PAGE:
In the defining portion of the book, Dane walks through the operative framework for Christian growth in terms of the cross. “We grow in Christ,” he says, “as we go deeper into, rather than moving on from, the verdict of acquittal that got us into Christ in the first place.” (85) Those words are eerily reminiscent of St. Paul’s polemic to the Galatians (Gal. 3:3), and that is not by accident. Our growth in grace is found nowhere else than in remembering what precipitated that extension of grace. Namely, the cross whereupon the Lord Jesus Christ was crucified in order to make atonement for the sins of the world. Growth does not and, indeed, cannot happen apart from that event. Therefore, any endeavor to grow as Christian which does not keep the cross as its prevailing concern is destined to morph into another in the assembly line of effort-based progress reports by which spiritual development and success is measured.

Instead of frustrating and, frankly, exhausting regimens of Christian growth, however, the good news of Scripture offers the gospel of the sinner’s justification in Christ Jesus, which announces that our standing with God is decidedly not dependent upon us. Growth and change in the Christian life is not byproduct of rules followed and boxes ticked. Rather, it is the concomitant effect of continually “returning, ever more deeply, to the event of justification.” (85–86) Ortlund does not quote Gerhard Forde here, but he might as well have.

The fundamental concern of Christian growth is not a development away from dependence into a disciplined, independent child of God. Rather, it is a growth into deeper and deeper recognition of our utter dependence upon the unmerited favor of our Heavenly Father, secured for us by his own Son’s blood.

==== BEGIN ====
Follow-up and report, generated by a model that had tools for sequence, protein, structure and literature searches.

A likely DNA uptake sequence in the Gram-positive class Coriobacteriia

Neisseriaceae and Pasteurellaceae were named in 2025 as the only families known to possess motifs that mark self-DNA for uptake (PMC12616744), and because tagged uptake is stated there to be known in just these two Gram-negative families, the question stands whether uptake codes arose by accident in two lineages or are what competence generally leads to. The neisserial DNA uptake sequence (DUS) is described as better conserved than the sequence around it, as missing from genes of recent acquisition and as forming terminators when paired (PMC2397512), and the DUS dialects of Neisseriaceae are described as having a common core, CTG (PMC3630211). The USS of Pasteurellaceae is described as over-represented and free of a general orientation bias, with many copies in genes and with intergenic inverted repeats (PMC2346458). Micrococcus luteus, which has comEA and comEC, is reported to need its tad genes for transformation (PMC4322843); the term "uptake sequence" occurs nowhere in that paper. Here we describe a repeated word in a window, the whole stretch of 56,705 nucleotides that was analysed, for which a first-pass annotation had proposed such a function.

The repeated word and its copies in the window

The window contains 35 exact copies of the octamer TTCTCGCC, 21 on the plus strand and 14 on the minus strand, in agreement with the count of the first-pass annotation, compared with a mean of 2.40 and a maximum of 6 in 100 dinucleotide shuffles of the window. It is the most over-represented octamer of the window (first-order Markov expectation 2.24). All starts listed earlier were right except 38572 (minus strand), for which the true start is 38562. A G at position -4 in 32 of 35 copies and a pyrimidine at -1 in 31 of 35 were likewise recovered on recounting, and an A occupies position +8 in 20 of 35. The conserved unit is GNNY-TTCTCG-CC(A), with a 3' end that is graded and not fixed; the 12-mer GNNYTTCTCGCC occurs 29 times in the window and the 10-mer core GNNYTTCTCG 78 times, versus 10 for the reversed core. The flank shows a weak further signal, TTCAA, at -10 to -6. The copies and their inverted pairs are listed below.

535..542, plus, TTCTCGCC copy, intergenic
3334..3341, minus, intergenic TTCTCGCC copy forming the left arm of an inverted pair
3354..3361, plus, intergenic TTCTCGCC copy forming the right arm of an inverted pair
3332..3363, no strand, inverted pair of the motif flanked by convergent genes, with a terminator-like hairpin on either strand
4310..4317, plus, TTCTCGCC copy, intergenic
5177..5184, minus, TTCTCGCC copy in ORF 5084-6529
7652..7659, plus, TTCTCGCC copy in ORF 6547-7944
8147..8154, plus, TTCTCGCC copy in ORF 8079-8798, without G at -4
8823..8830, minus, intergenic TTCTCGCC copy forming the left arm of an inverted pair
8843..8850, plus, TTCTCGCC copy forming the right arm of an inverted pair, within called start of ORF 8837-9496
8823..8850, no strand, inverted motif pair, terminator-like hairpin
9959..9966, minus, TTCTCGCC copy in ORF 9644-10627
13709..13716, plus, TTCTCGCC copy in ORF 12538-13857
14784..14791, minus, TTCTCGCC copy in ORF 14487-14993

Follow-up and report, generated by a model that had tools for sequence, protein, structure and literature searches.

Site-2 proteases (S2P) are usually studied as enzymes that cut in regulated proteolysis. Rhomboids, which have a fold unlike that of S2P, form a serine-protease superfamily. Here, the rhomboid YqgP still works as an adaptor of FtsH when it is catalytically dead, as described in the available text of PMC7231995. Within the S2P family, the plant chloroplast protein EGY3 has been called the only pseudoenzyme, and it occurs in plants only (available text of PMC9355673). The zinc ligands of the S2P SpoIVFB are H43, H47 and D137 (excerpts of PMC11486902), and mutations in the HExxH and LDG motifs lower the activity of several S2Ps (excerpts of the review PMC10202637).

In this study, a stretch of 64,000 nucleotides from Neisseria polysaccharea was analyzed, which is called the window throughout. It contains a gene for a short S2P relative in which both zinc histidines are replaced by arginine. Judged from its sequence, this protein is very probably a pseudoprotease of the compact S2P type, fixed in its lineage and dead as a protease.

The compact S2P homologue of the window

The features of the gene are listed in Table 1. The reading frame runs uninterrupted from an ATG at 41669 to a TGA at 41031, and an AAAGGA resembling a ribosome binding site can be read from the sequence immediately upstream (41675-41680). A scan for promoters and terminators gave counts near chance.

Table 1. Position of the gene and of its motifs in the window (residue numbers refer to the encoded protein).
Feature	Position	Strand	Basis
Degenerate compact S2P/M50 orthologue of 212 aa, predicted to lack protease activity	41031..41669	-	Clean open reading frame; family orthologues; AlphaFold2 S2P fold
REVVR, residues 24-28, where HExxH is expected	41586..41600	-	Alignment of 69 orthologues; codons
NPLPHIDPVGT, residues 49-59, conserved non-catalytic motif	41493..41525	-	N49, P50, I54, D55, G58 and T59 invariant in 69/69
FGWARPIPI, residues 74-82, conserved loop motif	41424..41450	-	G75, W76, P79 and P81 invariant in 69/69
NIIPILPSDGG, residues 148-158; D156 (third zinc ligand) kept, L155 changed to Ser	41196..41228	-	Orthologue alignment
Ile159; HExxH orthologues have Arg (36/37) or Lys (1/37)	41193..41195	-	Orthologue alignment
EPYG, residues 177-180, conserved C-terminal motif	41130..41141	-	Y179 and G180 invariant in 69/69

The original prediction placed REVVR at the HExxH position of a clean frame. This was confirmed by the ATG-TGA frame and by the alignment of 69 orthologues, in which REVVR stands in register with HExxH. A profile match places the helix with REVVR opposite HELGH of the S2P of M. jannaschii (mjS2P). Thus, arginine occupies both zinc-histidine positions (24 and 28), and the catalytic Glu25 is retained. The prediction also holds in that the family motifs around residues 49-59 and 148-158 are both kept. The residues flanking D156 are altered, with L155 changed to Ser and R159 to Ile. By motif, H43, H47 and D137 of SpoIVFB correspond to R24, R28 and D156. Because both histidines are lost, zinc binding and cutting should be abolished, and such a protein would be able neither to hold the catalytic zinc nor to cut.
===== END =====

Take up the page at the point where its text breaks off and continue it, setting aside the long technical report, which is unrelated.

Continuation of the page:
The longer I live, the more I have come to realize that I am utterly incapable of growing on my own. I will not say that I am okay with that confession, but I confess it nonetheless. Despite my best efforts, I am not much more than a slightly remixed version of myself from a few years ago, only with significantly more responsibilities and pounds around my waist. I hate admitting that. I would rather say that I have figured out some such discipline or some other method which has made me proficient in the art of living the Christian life. But, alas, I have yet to stumble upon the winning formula to effect the change I so desperately want to see in my life. And that is precisely because “growing in Christ is a relational, not a formulaic, experience.” (22)

There is no recipe by which I can insert the requisite spiritual ingredients in order to properly mix a beautiful spiritual growth pie. What makes Deeper such a revelation is that it is entirely absent of lists. Flip through its pages and you will not find a single checklist of items you need to do. Rather, what you will find is page after page inviting you to stand mouth-agape at the all-surpassing wonder and greatness of Christ, who greets perennial failures like me with unceasing faithfulness.

featured image via here.